When you are lying in a hospital ICU bed, as an injured or ill dentist you will have many concerns. You have obligations and are responsible for the welfare of your family, staff, and patients. These emotional and financial pressures can be enormous. Your risks of such an event occurring are high. Well documented research proves that one in four practicing dentists will become disabled during their working career. Many of these disabilities are permanent. It is sad, but reality. Understanding the feelings and emotions that you will experience will help you survive.
Suddenly stopping the active practice of dentistry involuntarily is devastating to a dedicated dentist. You have devoted a significant portion of your life in pursuit of your rewarding career. It doesn’t matter whether you were involved in a severe accident or diagnosed with cancer. The end result may be the end of your dental career. We hope that you will be able to return to active practice, but understand that this is not always possible. Be prepared for an emotional rollercoaster. The same feelings you have if one of your friends or relatives die in an accident will manifest themselves when disability strikes you.
Be prepared for grief. It is an integral part of recovery. The emotions that you will experience can come in waves; and you will experience the different emotions individually, in sequence, or all at once. The five stages of grief are forever related to dental disability. Look to our prior posting on denial DENIAL THE DENTAL DISABILITY WOLF and depression DEFY DENTAL DISABILITY DEPRESSION. In addition, anger and bargaining are your companion; you will not get to acceptance for a while. Think in strategic terms not tactical. You want to win the war. You will lose some battles, but you are in this for the long run. Don’t let this overwhelm you. Take your time and fight back day by day. Think about hours not months.
We have previously reviewed the power of TED talks. Review hundreds of posted TED talks on Y-TUBE. They have power and have changed lives. In 10-20 minutes, a presenter can take you on a meaningful journey to understanding and survival. Pick a subject and review all they have to offer. The topics are unlimited and very relevant to DISABILITY. For example, take a look at the attached video on the adventure of grief.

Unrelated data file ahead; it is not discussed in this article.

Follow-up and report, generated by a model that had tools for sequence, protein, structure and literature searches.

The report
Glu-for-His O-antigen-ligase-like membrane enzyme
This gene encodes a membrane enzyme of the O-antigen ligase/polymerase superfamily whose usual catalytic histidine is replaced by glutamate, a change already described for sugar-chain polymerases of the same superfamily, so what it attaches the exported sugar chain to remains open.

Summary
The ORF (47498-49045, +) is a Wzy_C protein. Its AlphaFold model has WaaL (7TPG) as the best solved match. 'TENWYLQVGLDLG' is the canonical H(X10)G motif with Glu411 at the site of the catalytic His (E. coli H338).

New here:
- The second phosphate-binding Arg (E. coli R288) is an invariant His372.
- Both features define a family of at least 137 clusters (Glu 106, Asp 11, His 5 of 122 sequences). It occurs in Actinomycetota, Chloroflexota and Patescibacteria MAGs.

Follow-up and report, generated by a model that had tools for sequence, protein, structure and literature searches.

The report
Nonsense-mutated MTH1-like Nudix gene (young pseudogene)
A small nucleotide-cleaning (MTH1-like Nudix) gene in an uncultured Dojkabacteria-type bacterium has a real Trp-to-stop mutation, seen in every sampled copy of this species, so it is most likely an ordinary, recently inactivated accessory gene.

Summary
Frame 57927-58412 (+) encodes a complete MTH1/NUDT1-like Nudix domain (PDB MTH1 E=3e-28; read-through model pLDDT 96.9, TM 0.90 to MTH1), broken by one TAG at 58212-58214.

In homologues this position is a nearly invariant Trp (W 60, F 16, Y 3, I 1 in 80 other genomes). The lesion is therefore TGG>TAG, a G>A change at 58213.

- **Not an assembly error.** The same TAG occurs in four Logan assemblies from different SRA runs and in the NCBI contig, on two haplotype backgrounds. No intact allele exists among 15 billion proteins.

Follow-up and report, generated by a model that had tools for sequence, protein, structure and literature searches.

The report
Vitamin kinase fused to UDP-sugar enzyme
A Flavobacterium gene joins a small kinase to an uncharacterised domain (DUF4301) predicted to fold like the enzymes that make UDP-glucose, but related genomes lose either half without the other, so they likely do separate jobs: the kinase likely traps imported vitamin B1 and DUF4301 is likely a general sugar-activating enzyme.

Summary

The first thing you need to concentrate on is survival. Following that, you need to sit down and determine how bad you are hurt or how sick you really are. You may not know the answer, and your pursuit of recovery and rehabilitation will help. If you are able to return to work, we congratulate your persistence. If this is not the case, the time may come that you begin thinking about transition.
Transition has many meanings in the context of disability. It may mean moving your practice to a new location, selling your current practice, or entering a totally unrelated field. In the end is your choice is yours, and the most important aspect is you are alive and still of value. Consider transitioning into dental education, dental consulting, or dental volunteer missions. The possibilities are endless. For those of you who are newly disabled look to our posting on the ten steps to survival.TEN STEPS TO SURVIVE DISABILITY.
Our title today concerns the termination of active dental practice, not you. As we reviewed, the grief that accompanies disability is exactly the same as the grief associated with the loss of a loved one. Be prepared for this and find your own path to life and survival. Knowing that these emotions are common for us all may be comforting to some, but just knowing you are not alone is key. TODAY IS THE FIRST DAY OF THE REST OF YOUR LIFE.
WE ARE DENTISTS HELPING OTHER SICK AND INJURED DENTISTS, WE CARE.